The player creation is pretty quick. You enter your name, and select your difficulty level (easy, medium, hard). There’s a bit of sloppy programming, in that there’s never confirmation that you’ve successfully created a player (you get sent back to the “Create” button), but when you go back to the Main menu, you’ll see a bunch of new options open to you: Tutorials, Zumba Party, and Zumba Class.

Tutorials

The Tutorials are broken into several parts. Learn the Steps lets you learn a wide range of Zumba steps, including:

– Calypso (Basic)
– Calypso (Single Single Double Pump)
– Calypso (Basic with a Travel)
– Cumbia (Basic)
– Cumbia (Machete Step)
– Cumbia (Sleepy Leg)
– Merengue (March)
– Merengue (Que Te Mueve)
– Merengue (Pump)
– Reggaeton
– Reggaeton (Bounce)
– Reggaeton (Single Single Double Basic)
– Salsa (Travel)
– Salsa (Forward and Back)
– Salsa (Cuban)

The tutorials were pretty weak. The graphics weren’t very impressive, but that’s understandable given the limitations of the Wii (it’s tough to get high quality full-motion video on the Wii, which is required for learning Zumba, so they made the instructor a glowing silhouette). The real weakness of the tutorials was that you really weren’t “taught” anything. It’s up to you to figure out what the on-screen instructor is doing and to mimic her moves. The biggest annoyance is, no matter what move you make in response to the on-screen instructor, the system will tell you “great!” and then move you on to the next step. You can see what I mean with this Salsa Tutorial:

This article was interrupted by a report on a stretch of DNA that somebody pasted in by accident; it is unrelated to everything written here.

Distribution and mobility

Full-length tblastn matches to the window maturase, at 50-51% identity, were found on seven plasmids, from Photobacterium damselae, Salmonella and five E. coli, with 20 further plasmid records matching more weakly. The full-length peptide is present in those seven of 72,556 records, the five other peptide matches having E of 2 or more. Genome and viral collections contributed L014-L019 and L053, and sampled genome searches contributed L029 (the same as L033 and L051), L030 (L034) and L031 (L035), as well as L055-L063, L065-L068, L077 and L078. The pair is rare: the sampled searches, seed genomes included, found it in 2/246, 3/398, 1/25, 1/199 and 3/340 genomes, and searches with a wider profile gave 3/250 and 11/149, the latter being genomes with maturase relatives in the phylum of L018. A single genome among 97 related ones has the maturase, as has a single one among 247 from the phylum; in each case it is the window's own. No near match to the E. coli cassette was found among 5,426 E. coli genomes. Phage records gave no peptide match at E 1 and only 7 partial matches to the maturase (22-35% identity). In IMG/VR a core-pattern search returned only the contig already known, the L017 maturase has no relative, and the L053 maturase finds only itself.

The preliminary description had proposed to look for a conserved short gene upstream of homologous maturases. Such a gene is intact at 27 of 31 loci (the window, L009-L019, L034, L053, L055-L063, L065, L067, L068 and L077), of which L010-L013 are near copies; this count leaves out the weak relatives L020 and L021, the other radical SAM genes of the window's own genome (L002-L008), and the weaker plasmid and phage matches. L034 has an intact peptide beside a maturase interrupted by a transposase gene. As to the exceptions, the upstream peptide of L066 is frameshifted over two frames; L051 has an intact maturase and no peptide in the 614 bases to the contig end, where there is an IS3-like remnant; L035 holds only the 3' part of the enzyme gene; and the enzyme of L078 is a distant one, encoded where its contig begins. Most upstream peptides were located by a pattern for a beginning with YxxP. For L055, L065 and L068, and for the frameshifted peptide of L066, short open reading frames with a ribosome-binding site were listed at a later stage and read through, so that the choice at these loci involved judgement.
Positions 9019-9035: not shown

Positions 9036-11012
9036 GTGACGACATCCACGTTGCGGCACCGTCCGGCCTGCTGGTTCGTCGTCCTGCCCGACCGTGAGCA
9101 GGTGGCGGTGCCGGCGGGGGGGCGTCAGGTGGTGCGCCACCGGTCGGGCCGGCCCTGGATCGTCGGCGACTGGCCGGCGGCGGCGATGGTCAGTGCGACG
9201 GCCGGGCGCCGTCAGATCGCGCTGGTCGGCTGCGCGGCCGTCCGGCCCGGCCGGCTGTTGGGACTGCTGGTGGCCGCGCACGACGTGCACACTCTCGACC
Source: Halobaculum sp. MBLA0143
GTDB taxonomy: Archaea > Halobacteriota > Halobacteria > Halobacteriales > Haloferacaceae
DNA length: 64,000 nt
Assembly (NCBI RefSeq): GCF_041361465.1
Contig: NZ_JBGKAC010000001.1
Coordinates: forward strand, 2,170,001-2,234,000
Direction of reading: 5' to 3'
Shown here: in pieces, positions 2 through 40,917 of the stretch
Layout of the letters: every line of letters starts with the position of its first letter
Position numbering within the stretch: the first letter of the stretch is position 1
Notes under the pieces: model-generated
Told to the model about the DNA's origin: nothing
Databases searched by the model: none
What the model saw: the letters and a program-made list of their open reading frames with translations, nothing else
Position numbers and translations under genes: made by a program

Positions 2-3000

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I’m guessing that the developers who made this game heard all the negative comments about games like Just Dance not picking up moves correctly, so they went too far in the other direction and decided that it’d accept ALL moves. I would much preferred to have had the instructor showly break down the moves, step by step, and let me decide if I understand them and want to move to the next step, rather than ingratiate me by telling me I did great when I didn’t.

So ironically, in order for me to use the tutorials effectively, I had to take the Wii remote out of the belt. I started the tutorial, and mirrored the moves of the on-screen instructor until I learned the move. Then, when I was ready for the next move, I’d pick up the Wii remote, waggle it a little. At that point, the game would tell me “great” and go to the next move. This worked well for me with the Reggaeton tutorial:

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Ridiculously oversensitive Wii remote aside, as far as the tutorials themselves they were pretty good. They broke each dance move into different steps which start with basic movements and get progressively complex. I felt that as long as I used my approach, I was able to learn a lot of the basic Zumba steps.